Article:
The sound is too authentic to be a tribute, the harmony too pure to be a copy cat. He should know - during the birth of the Internet he launched a small ABBA fan site which went on to become the largest independently owned fan site worldwide. He dropped out of his degree to keep up with the demand, providing constant updates on a band who had effectively disbanded some twelve years earlier. He owns every recording they have ever produced. He has met both Benny and Bjorn on several occasions, Anni-Frid once, and has been as close to Agnetha’s house as you can get.

    He had no doubt that this is a newly discovered ABBA song, and that he will be the one to reveal it to the world. He stands, determined to locate the source of the music, but finds his legs unable to take the swell and glory of the chorus that reaches him. He holds onto his face, convinced it might split open with pure joy, and for one immeasurable moment he contemplates the love of his life being responsible for his death.

    It is as affirming as it is painful. Years of work with established boundaries, an obsession based upon a constant, a controllable snapshot of history. These assumptions now collapse as the song fades out, replaced by a dance version of a rock ballad that he can barely hear. He is incomplete once more. He no longer has boundaries. One unearthed new song might as well be a thousand.

    His flight will leave in four hours time.

    He takes a calming spoonful of food and it tastes like liquid sugar. No-one in the noodle house speaks English, so he is reduced to miming every representation of music he can think of. The small speaker system is located above a busy counter, and after more improvisation and pointing a cook finally emerges from the backroom, smiling with an unmarked compact disc in his hands.

    Racing to the airport he can barely contain himself. Passing through security control he half expects to be stopped, the disc in his bag burning like heroin. In duty free he buys a portable compact disc player and some massive batteries, ignoring the advice of staff. At the gate he unpacks the player with his shaking hands. The other passengers all observe his behaviour, secretly hoping not to be sat with him once on board. He inserts the disc and presses play, knowing that he will choose to miss his flight if called mid-song. Ten times on repeat will be the minimum he requires.

    The disc doesn’t play. The message reads Error – disc Err.

    The flight home is a long one, spent polishing the underside of the disc and retrying before repeating the process. It has no obvious scuffs or scratches. If he holds it to his ear he can almost hear a song like the ocean. He fluctuates between this and the brace position, much to the concern of the one unlucky passenger who didn’t get his wish.

    Once home he tries all his other music players before switching on the lights. As a final act of desperation he inserts the disc into his DVD player, barely aware that he is doing so.

    The front panel reads Track 1.

    He knows he should saviour the moment. He knows he should take a break and calm his nerves, but his instinct has already pressed play way before he can respond to his rationale thought.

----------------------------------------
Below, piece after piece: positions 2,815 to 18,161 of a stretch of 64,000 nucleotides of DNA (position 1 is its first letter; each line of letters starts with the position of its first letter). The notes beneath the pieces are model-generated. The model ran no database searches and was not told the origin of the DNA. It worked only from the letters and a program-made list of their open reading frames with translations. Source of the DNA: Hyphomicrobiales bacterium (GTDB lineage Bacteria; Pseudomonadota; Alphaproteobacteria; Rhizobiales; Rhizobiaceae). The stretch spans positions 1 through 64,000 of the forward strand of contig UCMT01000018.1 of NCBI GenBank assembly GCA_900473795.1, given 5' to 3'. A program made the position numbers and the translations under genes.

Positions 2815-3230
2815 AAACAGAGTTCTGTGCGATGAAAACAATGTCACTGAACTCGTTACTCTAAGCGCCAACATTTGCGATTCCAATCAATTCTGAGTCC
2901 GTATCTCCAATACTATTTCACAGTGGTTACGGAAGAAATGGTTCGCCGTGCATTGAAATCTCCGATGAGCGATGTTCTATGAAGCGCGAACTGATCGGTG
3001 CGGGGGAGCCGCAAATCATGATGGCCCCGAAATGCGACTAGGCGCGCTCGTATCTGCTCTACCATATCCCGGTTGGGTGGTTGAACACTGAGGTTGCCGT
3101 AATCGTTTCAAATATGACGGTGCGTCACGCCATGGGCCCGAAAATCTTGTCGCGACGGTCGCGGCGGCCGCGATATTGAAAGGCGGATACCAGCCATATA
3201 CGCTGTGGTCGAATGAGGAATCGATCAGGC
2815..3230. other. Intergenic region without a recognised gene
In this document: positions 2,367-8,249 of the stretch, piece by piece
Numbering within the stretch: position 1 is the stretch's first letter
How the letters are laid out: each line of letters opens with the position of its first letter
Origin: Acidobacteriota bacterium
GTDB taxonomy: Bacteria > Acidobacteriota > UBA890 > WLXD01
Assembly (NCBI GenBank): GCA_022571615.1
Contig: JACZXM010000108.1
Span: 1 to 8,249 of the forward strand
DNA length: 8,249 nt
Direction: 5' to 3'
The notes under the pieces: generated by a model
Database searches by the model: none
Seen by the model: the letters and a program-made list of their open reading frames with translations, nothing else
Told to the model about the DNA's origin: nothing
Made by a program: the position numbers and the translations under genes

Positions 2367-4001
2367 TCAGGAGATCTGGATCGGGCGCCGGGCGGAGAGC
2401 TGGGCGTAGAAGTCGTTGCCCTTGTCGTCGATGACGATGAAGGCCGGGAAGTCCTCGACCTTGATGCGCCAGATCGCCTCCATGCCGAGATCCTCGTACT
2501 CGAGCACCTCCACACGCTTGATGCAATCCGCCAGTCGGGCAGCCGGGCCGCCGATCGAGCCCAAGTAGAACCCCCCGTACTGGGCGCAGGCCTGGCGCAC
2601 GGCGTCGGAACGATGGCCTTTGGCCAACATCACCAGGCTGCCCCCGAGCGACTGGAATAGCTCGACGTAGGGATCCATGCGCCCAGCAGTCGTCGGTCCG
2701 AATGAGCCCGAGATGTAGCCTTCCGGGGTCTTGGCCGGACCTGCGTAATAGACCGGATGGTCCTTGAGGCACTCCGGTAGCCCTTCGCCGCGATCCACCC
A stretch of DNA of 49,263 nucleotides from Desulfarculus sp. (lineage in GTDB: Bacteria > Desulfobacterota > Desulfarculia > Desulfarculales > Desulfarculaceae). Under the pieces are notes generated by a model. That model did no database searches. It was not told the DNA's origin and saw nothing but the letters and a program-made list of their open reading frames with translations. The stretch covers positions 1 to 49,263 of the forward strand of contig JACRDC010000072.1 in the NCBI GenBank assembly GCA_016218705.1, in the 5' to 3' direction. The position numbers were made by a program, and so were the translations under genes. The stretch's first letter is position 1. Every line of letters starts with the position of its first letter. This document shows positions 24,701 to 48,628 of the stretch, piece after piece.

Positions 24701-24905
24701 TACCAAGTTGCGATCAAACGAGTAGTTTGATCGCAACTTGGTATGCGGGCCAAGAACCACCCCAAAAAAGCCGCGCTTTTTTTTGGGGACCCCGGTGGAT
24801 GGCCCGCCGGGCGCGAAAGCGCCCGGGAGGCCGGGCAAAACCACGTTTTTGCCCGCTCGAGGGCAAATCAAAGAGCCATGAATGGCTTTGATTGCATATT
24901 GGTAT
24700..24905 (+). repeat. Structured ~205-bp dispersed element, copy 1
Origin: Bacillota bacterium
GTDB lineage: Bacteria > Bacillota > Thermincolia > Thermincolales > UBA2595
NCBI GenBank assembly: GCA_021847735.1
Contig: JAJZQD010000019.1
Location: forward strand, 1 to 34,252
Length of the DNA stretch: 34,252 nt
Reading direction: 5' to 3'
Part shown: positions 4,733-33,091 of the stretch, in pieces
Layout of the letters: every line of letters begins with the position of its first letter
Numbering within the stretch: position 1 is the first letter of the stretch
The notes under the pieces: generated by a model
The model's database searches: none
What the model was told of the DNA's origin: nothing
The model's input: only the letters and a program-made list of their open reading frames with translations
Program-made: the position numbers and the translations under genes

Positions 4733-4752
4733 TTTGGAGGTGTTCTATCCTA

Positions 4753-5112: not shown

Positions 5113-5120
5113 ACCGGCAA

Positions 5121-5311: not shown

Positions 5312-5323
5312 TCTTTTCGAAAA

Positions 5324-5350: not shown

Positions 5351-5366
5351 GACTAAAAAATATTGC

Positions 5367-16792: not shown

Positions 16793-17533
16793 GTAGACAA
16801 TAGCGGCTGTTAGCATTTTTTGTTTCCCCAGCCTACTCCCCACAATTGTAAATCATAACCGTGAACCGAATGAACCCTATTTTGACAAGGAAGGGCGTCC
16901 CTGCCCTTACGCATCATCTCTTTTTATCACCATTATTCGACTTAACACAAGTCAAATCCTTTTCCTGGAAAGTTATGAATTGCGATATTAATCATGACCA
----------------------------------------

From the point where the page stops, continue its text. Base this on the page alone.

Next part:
The DVD is a four minute snuff movie containing animal cruelty.

    After it is done he unfolds a map of Beijing onto the floor, wrestling against his jetlag. He finds the area where the noodle hut was located, writing here of all places onto the paper, fearful that one day he may wake and forget every decision that ever led him there.

    He will tear the place down brick by brick if he has to.

    Tomorrow he will arrange everything with a clearer head. Comforted by this thought he folds the map away, pours himself a drink, and settles down to the DVD once more.

  13. I don't mind Windowlicker doing so well. It still holds up well today and looking back it was a bit of a creative peak. It's a shame as I can't say much post-Windowlicker stuff has the same appeal as his earlier works. I seem to simply appreciate it more than feel any emotion towards it.

    I still prefer his more homegrown/organic/classical hybrids. Pretty much anything from the ICBYD period I suppose, so I'd rather something like Alberto Basalm or Pancake Lizard do well.

    Oh, and Rhubarb or Stone in Focus from SAW2, obviously.

  14. Yeah it is sad to see the corner so quiet. This time last year we had over 10 entries per month.

    I've been really busy lately but I will try to get back into this. Part of my problem is my desire to always improve and write something better than previously, instead of simply writing something and being content with the fact it might not be my best.

    Hopefully this thread might be enough to get people motivated again.

  15. I'm in two minds about this.

    I initially loved it. The gameplay itself is great - much more frantic than the cumbersome RE:UC. Loving the soundtrack and the graphics are some of the best I've seen on the Wii (Fairground level especially). Holding the hand-cannon shotgun style feels natural and really adds to the experience.

    However the swearing is getting too much for me. At first it felt ok as the cut-scenes that bookended the levels were in the trailer style to make the level feel like an advertised film, so at least the swearing had some sort of context. Later levels seem to abandon this format, and instead they are reduced to standard cutscenes but with tons and tons of swearing, the problem being that the swearing isn't particularly inventive or funny.

    The sad thing is the game doesn't need it. It's got to the point on repeated play throughs where I'm cringing every time Washington makes any sort comment. At least the cut-scenes are now skippable, but did it really need to be on the menu screen soundtrack? Or in the text of menu options?

    Maybe it's a sign of age, or maybe I'm missing the point, but I wish their was an option to remove it. I know I'm probably in the minority but it all feels a bit immature, and for me it spoils what is undoubtedly a very strong game in all other areas.